Great photo by Peter Tips of Mallow Camera Club


Listowel’s Carnegie Library…the early days

Denis Quille found this old photo and sent it to me to share with you in Listowel connection. It sparked interest in many of the blog’s followers so, on your behalf, Dave O’Sullivan has been doing some research.

Here are the answers to some of your questions

Who was Carnegie and why did he build libraries?

Around the turn of the century, Scottish businessman and philanthropist, Andrew Carnegie, decided that the “best gift” to give to a community was a free public library. Carnegie credited his remarkable success to access to library books in his childhood and teenage years and believed strongly that educational opportunities should be free and accessible to all. In 1898, Carnegie put his beliefs into action and started a funding program that would lay the groundwork for the public library system in the US and Canada. By the time his corporation ceased funding the projects 20 years later, over 2500 libraries had been built around the world using the “Carnegie formula,” which provided initial capital for the construction of the building with municipalities committing to carrying ongoing operational costs. 

This is the Carnegie Library in Listowel in Canada.

Why Listowel, Co. Kerry?

Basically because some farsighted local people asked for one. There was also the question of a local contribution and Listowel was willing and able to raise this. Most of the Carnegie libraries in Ireland are clustered around the cities of Dublin, Galway and Limerick but there are a few dotted around elsewhere.

Brendan Grimes is an expert on Carnegie Libraries and as well as writing the book he has recorded a talk on them which Dave found on youtube

Brendan Grimes on Carnegie Libraries , Skerries 2013

Who designed the Listowel library?

Dave found the answer on line and here it is;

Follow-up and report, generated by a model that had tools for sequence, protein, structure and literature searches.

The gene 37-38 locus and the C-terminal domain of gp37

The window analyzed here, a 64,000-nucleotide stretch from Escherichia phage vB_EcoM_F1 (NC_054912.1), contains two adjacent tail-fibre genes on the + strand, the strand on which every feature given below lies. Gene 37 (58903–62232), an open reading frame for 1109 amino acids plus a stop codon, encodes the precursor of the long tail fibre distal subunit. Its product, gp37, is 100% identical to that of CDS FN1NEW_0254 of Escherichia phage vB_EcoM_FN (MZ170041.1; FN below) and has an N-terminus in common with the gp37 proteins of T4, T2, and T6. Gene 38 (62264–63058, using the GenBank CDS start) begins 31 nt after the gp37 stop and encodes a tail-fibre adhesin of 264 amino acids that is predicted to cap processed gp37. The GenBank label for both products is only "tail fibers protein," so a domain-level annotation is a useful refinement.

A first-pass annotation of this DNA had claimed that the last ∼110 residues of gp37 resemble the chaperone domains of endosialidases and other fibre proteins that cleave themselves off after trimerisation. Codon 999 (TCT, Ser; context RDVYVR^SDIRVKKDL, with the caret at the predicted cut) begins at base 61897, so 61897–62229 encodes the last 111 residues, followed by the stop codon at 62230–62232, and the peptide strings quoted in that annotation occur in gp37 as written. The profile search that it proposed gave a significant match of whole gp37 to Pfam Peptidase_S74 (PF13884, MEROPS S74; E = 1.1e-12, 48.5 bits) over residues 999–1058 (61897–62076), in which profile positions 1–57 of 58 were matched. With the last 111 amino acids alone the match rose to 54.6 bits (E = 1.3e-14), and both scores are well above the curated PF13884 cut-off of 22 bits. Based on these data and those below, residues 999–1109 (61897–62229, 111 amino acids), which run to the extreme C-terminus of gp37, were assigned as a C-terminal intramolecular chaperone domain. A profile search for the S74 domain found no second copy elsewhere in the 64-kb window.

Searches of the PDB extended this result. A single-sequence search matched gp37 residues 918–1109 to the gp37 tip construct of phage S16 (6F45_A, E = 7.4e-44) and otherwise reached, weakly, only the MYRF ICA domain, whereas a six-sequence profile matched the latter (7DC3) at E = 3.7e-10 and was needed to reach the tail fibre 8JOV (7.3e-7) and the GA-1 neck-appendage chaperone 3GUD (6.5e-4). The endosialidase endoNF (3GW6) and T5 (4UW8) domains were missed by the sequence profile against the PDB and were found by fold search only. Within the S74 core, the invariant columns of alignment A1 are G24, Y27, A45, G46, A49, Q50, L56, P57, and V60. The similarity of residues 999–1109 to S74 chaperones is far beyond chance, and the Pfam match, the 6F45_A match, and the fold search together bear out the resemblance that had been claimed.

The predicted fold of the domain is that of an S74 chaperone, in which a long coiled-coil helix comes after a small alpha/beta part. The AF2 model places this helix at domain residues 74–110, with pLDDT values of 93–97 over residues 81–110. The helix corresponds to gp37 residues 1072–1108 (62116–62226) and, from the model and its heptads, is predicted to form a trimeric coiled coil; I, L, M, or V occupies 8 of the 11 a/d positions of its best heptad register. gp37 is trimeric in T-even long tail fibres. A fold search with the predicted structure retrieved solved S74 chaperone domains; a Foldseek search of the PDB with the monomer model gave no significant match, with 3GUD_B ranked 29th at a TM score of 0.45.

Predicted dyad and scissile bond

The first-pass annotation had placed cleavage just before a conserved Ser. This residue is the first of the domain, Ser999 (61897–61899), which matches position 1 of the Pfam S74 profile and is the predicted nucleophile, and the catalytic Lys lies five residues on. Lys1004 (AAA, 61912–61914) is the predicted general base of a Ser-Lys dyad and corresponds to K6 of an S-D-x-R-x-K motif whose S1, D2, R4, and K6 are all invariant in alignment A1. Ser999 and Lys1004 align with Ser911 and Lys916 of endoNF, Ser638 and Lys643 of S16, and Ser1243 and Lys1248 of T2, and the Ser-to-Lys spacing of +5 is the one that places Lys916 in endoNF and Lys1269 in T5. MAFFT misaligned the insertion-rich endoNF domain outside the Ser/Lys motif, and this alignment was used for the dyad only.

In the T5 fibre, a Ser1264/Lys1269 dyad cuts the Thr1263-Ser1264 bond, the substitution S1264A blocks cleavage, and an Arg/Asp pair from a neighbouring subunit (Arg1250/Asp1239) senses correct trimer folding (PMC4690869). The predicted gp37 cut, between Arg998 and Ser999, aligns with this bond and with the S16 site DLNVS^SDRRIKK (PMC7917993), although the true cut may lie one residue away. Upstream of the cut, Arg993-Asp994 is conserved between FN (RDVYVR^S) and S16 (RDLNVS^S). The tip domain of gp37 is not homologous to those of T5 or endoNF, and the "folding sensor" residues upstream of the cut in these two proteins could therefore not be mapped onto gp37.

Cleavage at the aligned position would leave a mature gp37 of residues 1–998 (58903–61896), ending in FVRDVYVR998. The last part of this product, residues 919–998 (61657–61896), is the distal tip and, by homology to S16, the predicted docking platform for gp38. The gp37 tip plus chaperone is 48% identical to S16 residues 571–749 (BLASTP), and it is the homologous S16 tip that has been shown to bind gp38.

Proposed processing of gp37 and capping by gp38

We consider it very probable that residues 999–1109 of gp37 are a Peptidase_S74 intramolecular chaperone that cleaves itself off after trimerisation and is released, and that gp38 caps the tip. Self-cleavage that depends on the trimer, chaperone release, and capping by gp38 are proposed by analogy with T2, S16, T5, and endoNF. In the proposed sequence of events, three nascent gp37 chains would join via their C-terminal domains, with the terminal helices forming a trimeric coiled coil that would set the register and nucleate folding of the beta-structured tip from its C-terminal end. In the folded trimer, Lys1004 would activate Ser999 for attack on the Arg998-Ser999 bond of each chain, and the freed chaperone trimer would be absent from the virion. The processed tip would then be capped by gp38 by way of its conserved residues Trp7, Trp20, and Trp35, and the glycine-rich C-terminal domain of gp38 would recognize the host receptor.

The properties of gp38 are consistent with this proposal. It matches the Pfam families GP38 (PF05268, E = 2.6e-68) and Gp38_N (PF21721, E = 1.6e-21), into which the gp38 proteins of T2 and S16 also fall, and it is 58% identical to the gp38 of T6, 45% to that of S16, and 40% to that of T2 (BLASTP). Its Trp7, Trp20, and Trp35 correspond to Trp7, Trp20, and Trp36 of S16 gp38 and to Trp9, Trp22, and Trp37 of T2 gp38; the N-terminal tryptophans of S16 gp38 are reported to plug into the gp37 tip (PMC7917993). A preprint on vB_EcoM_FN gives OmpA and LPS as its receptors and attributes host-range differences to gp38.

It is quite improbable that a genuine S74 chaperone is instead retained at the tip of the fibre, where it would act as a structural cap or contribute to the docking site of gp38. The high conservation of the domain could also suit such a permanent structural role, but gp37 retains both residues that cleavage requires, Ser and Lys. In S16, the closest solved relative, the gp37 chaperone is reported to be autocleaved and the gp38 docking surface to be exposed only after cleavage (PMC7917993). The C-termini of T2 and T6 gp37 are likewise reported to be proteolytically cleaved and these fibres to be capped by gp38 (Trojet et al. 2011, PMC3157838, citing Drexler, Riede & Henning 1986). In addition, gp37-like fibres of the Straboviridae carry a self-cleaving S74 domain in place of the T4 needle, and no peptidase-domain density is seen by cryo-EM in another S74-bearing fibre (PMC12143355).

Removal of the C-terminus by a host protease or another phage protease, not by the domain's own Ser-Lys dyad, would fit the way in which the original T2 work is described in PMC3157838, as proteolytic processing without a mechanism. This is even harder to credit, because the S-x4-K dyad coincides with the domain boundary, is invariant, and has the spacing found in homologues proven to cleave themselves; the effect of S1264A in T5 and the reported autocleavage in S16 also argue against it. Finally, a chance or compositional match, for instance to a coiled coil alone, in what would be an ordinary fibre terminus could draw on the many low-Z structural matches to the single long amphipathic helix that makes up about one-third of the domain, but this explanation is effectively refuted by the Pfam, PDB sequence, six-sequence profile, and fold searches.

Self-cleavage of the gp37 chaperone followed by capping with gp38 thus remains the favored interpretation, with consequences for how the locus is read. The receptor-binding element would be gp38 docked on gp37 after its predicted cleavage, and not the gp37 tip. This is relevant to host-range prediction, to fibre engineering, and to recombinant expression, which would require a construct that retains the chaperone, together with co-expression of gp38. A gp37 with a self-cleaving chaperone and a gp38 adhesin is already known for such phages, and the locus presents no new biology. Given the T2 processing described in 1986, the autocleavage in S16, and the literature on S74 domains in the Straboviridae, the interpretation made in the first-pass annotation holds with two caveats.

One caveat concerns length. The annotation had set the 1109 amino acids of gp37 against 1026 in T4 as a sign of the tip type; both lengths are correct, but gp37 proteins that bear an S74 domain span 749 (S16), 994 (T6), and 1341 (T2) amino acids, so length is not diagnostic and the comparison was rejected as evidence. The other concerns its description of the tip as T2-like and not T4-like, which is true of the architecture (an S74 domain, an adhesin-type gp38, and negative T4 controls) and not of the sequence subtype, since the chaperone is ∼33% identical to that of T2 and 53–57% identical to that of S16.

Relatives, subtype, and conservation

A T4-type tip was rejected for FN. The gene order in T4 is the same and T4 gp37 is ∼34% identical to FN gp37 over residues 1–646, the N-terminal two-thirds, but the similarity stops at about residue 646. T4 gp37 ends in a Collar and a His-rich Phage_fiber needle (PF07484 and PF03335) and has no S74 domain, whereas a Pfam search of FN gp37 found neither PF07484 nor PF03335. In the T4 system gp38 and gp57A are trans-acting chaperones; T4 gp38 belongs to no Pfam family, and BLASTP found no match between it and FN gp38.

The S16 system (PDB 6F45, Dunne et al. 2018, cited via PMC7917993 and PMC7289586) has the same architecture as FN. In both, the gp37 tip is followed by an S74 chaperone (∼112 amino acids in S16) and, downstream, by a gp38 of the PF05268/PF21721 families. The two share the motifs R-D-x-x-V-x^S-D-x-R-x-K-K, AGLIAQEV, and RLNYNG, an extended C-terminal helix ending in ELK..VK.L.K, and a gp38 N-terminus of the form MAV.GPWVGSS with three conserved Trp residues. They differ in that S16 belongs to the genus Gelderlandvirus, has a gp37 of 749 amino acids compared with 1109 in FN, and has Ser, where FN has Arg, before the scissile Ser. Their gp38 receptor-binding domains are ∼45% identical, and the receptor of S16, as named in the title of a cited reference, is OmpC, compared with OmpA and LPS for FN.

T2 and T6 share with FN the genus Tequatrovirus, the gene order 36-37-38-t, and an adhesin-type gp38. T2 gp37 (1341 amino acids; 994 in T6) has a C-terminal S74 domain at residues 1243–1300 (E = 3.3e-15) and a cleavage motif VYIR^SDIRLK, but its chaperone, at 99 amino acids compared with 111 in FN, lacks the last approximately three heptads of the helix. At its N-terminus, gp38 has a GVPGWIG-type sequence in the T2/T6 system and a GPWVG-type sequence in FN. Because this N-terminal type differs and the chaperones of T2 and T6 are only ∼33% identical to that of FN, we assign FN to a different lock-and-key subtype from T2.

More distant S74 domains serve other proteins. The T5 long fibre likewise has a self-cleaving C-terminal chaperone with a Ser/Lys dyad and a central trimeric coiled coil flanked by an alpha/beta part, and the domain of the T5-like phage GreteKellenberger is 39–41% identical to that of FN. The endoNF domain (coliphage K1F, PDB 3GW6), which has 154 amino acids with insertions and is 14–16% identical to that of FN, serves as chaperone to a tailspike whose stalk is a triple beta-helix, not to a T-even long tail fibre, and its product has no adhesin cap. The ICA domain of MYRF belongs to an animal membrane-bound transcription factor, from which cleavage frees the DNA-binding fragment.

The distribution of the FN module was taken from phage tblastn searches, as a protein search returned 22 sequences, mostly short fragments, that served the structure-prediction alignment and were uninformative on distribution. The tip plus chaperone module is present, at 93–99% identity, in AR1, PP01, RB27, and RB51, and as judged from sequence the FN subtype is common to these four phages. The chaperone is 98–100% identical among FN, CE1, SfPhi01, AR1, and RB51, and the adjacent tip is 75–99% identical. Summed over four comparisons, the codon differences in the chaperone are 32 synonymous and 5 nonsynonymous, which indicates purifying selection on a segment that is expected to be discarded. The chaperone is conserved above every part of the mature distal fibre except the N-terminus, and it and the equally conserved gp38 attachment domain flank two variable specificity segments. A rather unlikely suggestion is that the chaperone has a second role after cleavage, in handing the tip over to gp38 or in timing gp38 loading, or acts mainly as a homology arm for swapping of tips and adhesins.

Architect and engineer, of Dublin. Rudolf Maximilian Butler was born in Dublin on 30 September 1872, the son of John Butler, a barrister from Carlow, and Augusta Brassart, who came from Schleswig-Holstein.(1) He was educated in Dublin until he was ten, when his father died. At the time of his father’s death in Dublin, Rudolf was on a Christmas holiday with his mother in Germany, with the result that he remained in Germany to finish his education. When he was sixteen he returned to Dublin, where, after a brief spell in the wine business, he became a pupil first, from 1889-1891, of JAMES JOSEPH FARRALL   and then, from 1891 to 1896, of WALTER GLYNN DOOLIN. H  e stayed on as an assistant to Doolin from 1896 to 1899, when he became his junior partner. Following Doolin’s death in March 1902, Butler carried on the practice in partnership with JAMES LOUIS DONNELLY   as DOOLIN BUTLER &  amp; DONNELLY.  (2) Since 1899 Butler had also been architect and engineer to Rathdown Rural District Council, in which capacity he designed some five hundred cottages in Cos. Dublin & Wicklow.(3) In 1902 he was also appointed consulting engineer to the Gurteen drainage board.  

Who built the Listowel library?

Thereby hangs a tale as Dave discovered in the newspapers.

The contract was awarded to Mr. John Sisk of Cork in 1914. But there was a hold up.

So it looks like they all lived happily ever after.

Kerry has the following…..The Public Libraries Act was adopted by Kerry County Council in 1925, making the Local Authority responsible for all libraries in the county, except Listowel (which operated under a Trust until 1953). Prior to this, grants had been received from the Carnegie Trust for the erection of Carnegie Library buildings at Cahirciveen, Castleisland, Dingle, Kenmare, Killorglin, Listowel and Tralee. The Library service in Cahirciveen, Dingle, Castleisland and Kenmare still operates from these original or reconstructed buildings.

In September 1983, the new County Library Headquarters and Tralee Branch Library were opened. This gave a major boost to the Library Service and provided facilities for a modern Library Service to meet future educational, social, cultural and recreational needs of the community.


More Listowel People on March 17 2018